To defendants in medical negligence actions, the guaranteed healthcare insurance coverage provisions of the Affordable Care Act have groundbreaking potential to dramatically reduce damages for the costs of future medical expenses. The Supreme Court’s 2nd affirmance of the constitutionality of the Affordable Care Act in June 2015 assures that the challenge to apply the ACA to reduce future medical costs will battle on in courts across the country.
By now, the Affordable Care Act, or “ACA”, has become a familiar term in American culture. Despite political or personal debate, it is well-known that the core provisions of the ACA guarantee lifetime healthcare insurance coverage for essential medical care at limited cost and prohibit insurance companies from denying coverage for pre-existing conditions. According to the federal government, these provisions promise to provide insurance coverage to millions of previously uninsured Americans. Experts agree that Justice Roberts’ opinion upholding the constitutionality of the Act in its most recent appearance before the United States Supreme Court in June 2015, has assured us that the ACA is here to stay.
A new idea, surfacing in courts across the country, is the impact that the ACA will have on awards in personal injury litigation. Plaintiffs in medical negligence cases must present evidence to enable juries to determine the reasonable cost of medical care that an injured plaintiff expects to incur. In a catastrophic injury case, those projections often surpass millions of dollars over the individual’s lifetime. Although defendants, in rebuttal, may offer their own calculations to juries, Pennsylvania law prohibits discussion of payments made by most other sources which will actually cover those medical costs, such as health insurance coverage. This prohibition is traditionally known as the collateral source rule.
The collateral source rule is not unique to Pennsylvania. It is a conventional rule of evidence crafted in a time when health insurance coverage was uncommon, and courts sought to prevent those who purchased insurance policies from being punished for their investment. After all, the plaintiff argued, a defendant should not benefit from payments made by plaintiff’s own insurer. Since 2014, however, health care insurance coverage in the United States is no longer a commodity enjoyed by a few wise investors, but rather the mandated responsibility of all American citizens. The ACA provides that all persons in the United States be afforded health insurance coverage, regardless of their health or financial situation. In support of that purpose, the individual mandate provision requires every applicable individual to obtain minimum coverage or pay a penalty. This means that all plaintiffs, regardless of the severity of their injury, or the exorbitant projections of their future medical care, will have the right to insurance coverage for future needs at specific limited cost.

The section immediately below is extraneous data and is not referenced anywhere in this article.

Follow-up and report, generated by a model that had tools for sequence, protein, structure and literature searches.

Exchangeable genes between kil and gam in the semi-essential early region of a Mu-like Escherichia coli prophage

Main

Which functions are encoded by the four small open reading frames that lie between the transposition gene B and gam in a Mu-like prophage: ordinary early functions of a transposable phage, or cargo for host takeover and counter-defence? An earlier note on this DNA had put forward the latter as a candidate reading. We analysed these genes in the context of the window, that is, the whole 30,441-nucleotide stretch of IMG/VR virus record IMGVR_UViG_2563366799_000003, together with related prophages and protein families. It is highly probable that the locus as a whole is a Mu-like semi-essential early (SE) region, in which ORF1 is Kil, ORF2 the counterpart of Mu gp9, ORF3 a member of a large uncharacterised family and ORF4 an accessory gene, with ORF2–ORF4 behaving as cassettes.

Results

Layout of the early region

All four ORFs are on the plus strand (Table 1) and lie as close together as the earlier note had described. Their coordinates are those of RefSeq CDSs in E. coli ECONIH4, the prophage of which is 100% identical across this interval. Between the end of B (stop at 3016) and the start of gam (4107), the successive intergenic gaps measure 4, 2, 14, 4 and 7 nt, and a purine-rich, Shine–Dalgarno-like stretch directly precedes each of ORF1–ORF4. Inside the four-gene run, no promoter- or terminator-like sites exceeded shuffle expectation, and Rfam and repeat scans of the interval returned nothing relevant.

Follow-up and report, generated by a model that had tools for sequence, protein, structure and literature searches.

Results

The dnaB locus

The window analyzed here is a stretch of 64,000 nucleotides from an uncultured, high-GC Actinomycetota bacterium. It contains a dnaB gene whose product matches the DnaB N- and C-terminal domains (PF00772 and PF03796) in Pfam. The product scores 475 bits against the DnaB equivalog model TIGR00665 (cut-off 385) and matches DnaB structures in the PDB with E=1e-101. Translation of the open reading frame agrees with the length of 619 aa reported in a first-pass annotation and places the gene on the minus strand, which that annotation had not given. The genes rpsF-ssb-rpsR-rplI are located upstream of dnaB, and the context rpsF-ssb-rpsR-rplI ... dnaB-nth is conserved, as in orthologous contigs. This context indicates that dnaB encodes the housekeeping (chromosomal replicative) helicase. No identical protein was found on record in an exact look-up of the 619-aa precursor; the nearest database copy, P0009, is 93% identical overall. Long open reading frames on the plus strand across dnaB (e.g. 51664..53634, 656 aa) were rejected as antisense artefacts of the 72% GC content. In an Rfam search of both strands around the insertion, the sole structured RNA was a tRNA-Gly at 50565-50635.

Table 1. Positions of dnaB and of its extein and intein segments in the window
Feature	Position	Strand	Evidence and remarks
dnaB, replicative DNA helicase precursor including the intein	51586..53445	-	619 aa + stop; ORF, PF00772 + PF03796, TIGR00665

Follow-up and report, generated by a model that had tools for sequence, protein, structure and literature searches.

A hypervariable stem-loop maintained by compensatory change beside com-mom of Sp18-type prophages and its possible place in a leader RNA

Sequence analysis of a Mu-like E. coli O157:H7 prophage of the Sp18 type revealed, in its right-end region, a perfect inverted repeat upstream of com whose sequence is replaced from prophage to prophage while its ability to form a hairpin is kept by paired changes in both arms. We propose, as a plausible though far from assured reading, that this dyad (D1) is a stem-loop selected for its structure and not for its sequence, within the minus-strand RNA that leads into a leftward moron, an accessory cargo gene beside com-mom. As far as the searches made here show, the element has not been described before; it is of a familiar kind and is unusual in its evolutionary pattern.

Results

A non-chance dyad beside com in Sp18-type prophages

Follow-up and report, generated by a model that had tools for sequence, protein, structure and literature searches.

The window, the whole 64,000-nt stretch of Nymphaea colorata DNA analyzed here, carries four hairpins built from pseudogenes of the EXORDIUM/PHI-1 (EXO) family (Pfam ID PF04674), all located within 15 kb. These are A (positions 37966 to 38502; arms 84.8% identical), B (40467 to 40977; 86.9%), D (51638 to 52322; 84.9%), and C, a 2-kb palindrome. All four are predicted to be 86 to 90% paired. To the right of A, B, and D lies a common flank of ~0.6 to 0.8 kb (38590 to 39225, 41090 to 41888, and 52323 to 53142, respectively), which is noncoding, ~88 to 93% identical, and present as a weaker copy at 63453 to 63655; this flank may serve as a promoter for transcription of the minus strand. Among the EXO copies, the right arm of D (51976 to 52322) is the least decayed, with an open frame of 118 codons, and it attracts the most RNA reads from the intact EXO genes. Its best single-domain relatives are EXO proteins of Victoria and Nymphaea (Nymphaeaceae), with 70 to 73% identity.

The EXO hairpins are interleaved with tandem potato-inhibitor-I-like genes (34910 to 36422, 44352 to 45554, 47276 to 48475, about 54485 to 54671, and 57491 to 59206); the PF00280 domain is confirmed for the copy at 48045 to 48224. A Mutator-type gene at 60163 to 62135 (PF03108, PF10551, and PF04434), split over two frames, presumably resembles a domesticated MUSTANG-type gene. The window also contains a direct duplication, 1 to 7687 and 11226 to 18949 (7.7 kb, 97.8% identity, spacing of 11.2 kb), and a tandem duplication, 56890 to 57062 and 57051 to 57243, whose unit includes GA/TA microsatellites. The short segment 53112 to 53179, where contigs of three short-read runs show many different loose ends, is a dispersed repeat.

Juries sitting in medical malpractice trials are acutely aware of the impact of the ACA on their daily lives, and they will undoubtedly question why a plaintiff should receive a multi-million dollar award for future medical expenses when that plaintiff will never actually be responsible for paying those costs. Inappropriate use of the collateral source rule to prohibit discussion of the ACA only serves to mislead juries as to the actual future financial burden placed on the plaintiff. In fact, plaintiffs will no longer be forced to face the impending prospect of indefinite out-of-pocket costs for future medical expenses; instead, out-of-pocket costs payable by the plaintiff will be limited annually, and capable of calculation with reasonable certainty. Further, the ACA removed the risk that a plaintiff may lack future health insurance coverage due to denials for pre-existing conditions, complicated medical histories, or lifetime caps on coverage. Plaintiffs can no longer reasonably argue that future insurance coverage is “speculative”, nor that a plaintiff will be excluded from the insurance market, nor burdened with 100% of the cost of future medical care. Under ACA coverage, the plaintiff’s essential medical needs will be covered, costs will be limited and lifetime coverage is guaranteed.
Defendants across the country are alerting courts to the ACA’s real-world effect of significantly reducing future medical expenses to injured plaintiffs. Over the past 8 months, judges in at least 3 states permitted consideration of the ACA as part of the evidence in calculating awards for future medical costs. In Ohio, a court found that it could not “restrict reference to the Affordable Care Act as it is the law of the land.” Defendants here in Pennsylvania, and across the country, must continue to convince courts that the ACA is the “law of the land”, and that under the ACA’s safety net, plaintiffs will never be faced with millions of dollars of expenses for future care; therefore, it is no longer reasonable or fair to continue to misinform juries that a plaintiff will be forced to pay for future medical expenses 100% out-of-pocket.
In Pennsylvania, it will be essential to present evidence methodically supported by targeted expert testimony. We recognize the enormous impact the ACA will have on future medical negligence cases, in the Commonwealth, and across the country. While state evidentiary law varies, the national impact of the ACA must be understood, and we are taking a leadership role nationally on this new and evolving area.